La Vanguardia airport (VVC) is the main airport located at Villavicencio, Colombia. It serves regular passenger, charter and cargo services within the Meta province. Back in the early 1930s an airfield was constructed by "Sociedad Colombo Alemana de Transporte Aero" (SCADATA). This airfield provided basic radio equipment, beacon and weather facilities for the local region. During 1949 Avianca had built a new airfield which is the current airport. It is located beside the river Guatiquia on the foothills of the Cordillera Oriental and includes a hardened runway and modern facilities.
Currently (April 2015) three airlines serve La Vanguardia: Avianca, Lan Colombia and Satena. These operators serve the cities of La Macarena, Mitu, Puerto Carreno, Puerto Inirida and Bogota. Current aircraft types that can be found at VVC are Embraer 170/190, ATR -72 and the Dash 8-200. La Vanguardia still holds the title of being the DC-3 capitol of the world. Several passengers and cargo companies can be found at this modest South American airport. All of them still operate the venerable Douglas DC-3. Currently there are five companies active: Air Colombia, Aliansa SA, Allas, Arall and Sadelca.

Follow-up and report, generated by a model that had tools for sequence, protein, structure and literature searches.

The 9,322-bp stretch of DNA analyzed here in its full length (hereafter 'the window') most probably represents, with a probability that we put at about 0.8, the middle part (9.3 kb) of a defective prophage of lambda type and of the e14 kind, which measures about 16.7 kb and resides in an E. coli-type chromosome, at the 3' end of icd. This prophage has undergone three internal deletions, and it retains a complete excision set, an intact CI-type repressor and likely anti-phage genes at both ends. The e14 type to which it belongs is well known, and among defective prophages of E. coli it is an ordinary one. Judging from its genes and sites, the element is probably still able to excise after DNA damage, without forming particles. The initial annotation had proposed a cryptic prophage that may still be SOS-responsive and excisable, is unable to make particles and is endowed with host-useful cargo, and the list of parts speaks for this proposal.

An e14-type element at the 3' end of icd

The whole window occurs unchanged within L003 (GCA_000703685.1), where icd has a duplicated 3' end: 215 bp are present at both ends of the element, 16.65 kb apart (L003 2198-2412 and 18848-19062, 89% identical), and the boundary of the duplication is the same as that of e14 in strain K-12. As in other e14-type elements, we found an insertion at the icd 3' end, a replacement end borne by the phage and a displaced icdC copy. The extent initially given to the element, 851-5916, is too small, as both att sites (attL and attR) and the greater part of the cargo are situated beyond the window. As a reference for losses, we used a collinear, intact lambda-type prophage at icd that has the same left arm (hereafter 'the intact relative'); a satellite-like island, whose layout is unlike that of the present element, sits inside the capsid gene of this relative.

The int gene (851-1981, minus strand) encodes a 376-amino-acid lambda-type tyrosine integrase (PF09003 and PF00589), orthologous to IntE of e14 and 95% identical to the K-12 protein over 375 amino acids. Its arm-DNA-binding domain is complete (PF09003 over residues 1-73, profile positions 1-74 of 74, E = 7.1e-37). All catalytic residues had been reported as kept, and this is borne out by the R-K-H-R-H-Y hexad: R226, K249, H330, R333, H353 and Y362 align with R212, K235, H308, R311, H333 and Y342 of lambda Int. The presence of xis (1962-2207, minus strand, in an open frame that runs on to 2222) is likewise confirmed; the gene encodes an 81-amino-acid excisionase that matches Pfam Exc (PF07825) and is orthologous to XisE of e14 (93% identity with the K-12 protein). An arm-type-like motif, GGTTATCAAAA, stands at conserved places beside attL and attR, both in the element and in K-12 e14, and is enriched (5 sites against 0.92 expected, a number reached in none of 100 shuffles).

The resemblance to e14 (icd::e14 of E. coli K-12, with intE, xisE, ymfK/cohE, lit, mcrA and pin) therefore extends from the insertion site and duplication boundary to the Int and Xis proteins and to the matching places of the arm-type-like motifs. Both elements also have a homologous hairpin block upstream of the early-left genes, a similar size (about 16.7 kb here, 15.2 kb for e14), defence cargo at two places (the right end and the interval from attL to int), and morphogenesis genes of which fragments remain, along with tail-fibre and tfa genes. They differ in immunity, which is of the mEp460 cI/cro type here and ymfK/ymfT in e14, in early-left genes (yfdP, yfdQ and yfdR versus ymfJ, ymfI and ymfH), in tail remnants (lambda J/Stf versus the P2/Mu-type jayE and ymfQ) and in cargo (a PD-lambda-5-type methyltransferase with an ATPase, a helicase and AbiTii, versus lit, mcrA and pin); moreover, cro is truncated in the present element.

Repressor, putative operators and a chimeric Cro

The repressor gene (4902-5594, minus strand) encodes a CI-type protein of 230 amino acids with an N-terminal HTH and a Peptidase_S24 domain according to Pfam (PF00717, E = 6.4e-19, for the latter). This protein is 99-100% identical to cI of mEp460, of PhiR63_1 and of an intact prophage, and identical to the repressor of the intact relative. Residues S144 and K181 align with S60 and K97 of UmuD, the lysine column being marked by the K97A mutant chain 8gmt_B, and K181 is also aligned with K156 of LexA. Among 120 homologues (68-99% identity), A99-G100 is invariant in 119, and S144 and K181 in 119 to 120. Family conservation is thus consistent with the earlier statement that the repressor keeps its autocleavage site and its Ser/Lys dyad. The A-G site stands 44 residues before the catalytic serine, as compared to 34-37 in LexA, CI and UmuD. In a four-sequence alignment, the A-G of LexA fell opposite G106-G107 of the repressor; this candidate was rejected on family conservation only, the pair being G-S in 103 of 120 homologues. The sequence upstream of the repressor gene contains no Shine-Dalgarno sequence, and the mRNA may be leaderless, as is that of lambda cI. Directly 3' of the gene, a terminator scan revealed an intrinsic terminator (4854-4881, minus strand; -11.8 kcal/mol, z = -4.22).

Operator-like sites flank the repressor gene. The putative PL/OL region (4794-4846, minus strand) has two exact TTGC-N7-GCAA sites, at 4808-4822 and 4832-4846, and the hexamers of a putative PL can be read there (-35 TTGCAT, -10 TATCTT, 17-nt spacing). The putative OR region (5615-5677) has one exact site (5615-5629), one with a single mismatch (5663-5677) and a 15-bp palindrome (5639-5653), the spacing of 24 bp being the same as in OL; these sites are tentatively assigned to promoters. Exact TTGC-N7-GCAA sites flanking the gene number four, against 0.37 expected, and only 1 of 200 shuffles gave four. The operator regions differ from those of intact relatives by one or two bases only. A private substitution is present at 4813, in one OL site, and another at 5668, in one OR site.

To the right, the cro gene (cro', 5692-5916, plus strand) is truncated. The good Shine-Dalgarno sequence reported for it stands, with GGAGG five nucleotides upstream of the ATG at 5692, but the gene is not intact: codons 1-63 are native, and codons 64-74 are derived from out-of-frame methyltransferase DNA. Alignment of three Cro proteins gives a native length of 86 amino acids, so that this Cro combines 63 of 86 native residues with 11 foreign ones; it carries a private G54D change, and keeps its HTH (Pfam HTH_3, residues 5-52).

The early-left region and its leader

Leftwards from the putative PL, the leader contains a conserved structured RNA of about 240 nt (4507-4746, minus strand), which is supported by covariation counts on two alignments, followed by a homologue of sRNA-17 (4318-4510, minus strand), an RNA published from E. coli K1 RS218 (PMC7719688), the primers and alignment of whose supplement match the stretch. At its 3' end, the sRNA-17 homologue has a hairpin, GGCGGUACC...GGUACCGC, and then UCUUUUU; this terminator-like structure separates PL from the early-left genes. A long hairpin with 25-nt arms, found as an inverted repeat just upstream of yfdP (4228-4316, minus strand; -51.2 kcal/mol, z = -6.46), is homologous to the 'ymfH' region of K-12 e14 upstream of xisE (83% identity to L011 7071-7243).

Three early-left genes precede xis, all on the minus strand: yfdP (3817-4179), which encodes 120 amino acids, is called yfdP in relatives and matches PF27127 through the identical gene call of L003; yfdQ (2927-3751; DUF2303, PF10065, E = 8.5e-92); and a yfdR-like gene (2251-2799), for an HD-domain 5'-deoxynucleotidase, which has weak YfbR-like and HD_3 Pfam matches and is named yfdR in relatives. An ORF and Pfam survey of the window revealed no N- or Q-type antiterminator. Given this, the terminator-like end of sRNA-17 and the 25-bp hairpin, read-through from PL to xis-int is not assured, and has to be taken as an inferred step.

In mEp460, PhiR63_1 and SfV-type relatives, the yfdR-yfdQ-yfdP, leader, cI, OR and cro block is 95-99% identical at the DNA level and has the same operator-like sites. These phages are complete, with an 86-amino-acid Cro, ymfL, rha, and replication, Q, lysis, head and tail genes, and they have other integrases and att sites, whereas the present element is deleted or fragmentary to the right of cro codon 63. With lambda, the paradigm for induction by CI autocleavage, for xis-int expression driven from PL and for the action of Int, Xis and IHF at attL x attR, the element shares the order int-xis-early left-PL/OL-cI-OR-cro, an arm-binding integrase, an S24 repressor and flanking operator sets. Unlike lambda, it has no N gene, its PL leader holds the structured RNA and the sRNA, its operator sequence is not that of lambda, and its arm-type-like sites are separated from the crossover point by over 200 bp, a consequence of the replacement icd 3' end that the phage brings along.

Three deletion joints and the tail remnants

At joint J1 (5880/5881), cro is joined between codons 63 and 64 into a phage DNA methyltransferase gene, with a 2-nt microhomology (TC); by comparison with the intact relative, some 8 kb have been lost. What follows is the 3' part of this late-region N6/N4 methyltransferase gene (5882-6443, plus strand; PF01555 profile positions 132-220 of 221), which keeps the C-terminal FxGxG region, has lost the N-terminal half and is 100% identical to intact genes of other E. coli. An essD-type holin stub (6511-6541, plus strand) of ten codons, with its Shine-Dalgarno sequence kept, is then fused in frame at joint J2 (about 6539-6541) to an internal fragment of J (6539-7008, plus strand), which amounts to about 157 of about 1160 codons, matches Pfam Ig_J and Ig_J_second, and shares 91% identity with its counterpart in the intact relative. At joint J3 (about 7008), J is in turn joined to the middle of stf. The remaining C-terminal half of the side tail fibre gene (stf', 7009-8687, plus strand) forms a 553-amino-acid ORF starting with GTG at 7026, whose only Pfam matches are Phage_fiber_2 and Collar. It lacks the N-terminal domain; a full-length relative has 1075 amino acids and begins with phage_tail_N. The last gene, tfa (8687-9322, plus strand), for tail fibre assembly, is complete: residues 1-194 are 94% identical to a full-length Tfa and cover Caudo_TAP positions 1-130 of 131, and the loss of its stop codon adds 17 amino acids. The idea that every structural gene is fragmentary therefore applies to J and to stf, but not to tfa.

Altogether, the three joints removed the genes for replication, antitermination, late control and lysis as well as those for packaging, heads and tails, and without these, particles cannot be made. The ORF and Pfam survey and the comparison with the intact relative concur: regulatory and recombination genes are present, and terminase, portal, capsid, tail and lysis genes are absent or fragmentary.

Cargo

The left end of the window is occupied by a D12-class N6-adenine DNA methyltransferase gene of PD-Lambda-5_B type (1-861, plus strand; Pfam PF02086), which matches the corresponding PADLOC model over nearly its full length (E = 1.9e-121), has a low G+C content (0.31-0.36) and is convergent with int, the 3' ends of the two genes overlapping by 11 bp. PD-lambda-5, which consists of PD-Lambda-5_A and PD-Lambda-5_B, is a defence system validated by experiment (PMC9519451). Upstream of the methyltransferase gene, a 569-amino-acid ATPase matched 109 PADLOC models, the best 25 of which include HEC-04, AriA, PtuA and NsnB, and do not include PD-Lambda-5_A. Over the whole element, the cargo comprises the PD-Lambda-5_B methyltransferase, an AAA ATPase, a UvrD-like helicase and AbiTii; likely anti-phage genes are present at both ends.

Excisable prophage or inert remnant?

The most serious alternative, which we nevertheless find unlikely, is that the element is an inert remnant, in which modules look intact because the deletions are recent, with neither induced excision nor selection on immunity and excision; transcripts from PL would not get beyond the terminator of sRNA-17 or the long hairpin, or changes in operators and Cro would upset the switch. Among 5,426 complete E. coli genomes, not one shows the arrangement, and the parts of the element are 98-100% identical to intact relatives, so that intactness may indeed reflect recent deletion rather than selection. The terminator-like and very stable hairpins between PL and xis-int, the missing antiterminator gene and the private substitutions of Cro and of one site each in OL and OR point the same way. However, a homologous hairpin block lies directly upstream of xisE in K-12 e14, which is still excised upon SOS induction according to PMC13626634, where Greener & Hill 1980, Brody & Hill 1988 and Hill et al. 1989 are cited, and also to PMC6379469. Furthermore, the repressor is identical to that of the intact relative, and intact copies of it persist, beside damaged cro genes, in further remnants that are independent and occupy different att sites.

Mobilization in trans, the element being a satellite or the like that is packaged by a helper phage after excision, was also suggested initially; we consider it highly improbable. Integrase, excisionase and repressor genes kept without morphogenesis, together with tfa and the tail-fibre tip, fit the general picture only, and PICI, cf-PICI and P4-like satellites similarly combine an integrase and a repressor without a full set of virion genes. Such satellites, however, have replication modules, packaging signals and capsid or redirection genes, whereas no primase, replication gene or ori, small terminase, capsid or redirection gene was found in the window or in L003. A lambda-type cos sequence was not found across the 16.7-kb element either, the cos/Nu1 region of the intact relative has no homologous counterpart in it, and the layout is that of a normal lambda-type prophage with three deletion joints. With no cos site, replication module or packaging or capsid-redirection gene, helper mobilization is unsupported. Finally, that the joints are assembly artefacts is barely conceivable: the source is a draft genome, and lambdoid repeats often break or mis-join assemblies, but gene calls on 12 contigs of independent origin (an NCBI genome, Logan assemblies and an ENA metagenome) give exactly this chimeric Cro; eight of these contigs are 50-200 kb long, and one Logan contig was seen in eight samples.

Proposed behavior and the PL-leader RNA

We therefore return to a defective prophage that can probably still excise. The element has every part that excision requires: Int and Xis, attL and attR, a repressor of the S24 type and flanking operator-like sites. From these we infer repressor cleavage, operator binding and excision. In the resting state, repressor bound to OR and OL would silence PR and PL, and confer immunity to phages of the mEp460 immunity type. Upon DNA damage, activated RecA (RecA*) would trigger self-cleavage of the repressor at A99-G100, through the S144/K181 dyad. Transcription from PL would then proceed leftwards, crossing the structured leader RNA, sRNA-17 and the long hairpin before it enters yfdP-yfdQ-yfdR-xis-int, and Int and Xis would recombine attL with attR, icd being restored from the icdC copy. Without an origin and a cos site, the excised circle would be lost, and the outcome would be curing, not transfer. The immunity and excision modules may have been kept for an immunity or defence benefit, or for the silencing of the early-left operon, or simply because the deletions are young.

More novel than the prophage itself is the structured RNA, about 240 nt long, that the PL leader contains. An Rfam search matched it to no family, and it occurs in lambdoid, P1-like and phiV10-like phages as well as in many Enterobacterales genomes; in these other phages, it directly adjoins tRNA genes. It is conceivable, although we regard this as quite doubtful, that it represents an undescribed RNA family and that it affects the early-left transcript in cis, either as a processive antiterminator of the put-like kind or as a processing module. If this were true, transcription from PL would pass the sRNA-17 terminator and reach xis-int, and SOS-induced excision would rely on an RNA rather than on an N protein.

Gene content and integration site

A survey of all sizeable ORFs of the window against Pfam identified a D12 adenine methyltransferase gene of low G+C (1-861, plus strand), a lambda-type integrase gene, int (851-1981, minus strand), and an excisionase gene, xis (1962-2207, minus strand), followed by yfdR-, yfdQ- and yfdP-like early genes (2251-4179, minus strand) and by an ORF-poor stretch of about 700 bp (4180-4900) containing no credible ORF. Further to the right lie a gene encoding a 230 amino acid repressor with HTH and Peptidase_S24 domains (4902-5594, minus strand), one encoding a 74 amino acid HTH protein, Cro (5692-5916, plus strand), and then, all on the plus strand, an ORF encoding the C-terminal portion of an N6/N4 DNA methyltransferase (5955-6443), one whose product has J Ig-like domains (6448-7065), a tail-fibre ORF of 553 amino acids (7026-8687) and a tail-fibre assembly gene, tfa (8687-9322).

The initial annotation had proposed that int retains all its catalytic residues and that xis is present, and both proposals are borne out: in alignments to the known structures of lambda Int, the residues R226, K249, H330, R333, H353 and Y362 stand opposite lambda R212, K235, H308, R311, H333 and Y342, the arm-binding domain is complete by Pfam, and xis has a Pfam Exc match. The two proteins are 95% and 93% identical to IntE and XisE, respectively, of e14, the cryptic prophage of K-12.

Additionally Selva operates an all Antonov fleet, next to their recently acquired Boeing 727-200F.
Air Colombia S.A.S is also one of the main DC-3 operators at La Vanguardia. Air Colombia has an exclusive ramp along the main runway, which incorporates a large maintenance facility/hanger and offices. Air Colombia performs its own in-house repair, overhaul and maintenance on its fleet of DC-3s. Its ramp also serves as a cargo loading platform for its daily operation. Back in 1999 when I first visited Villavicencio they were still operating a DC-6 freighter. Currently only two hardworking combi DC-3, where active while two other DC-3s await restoration in the large open hangar.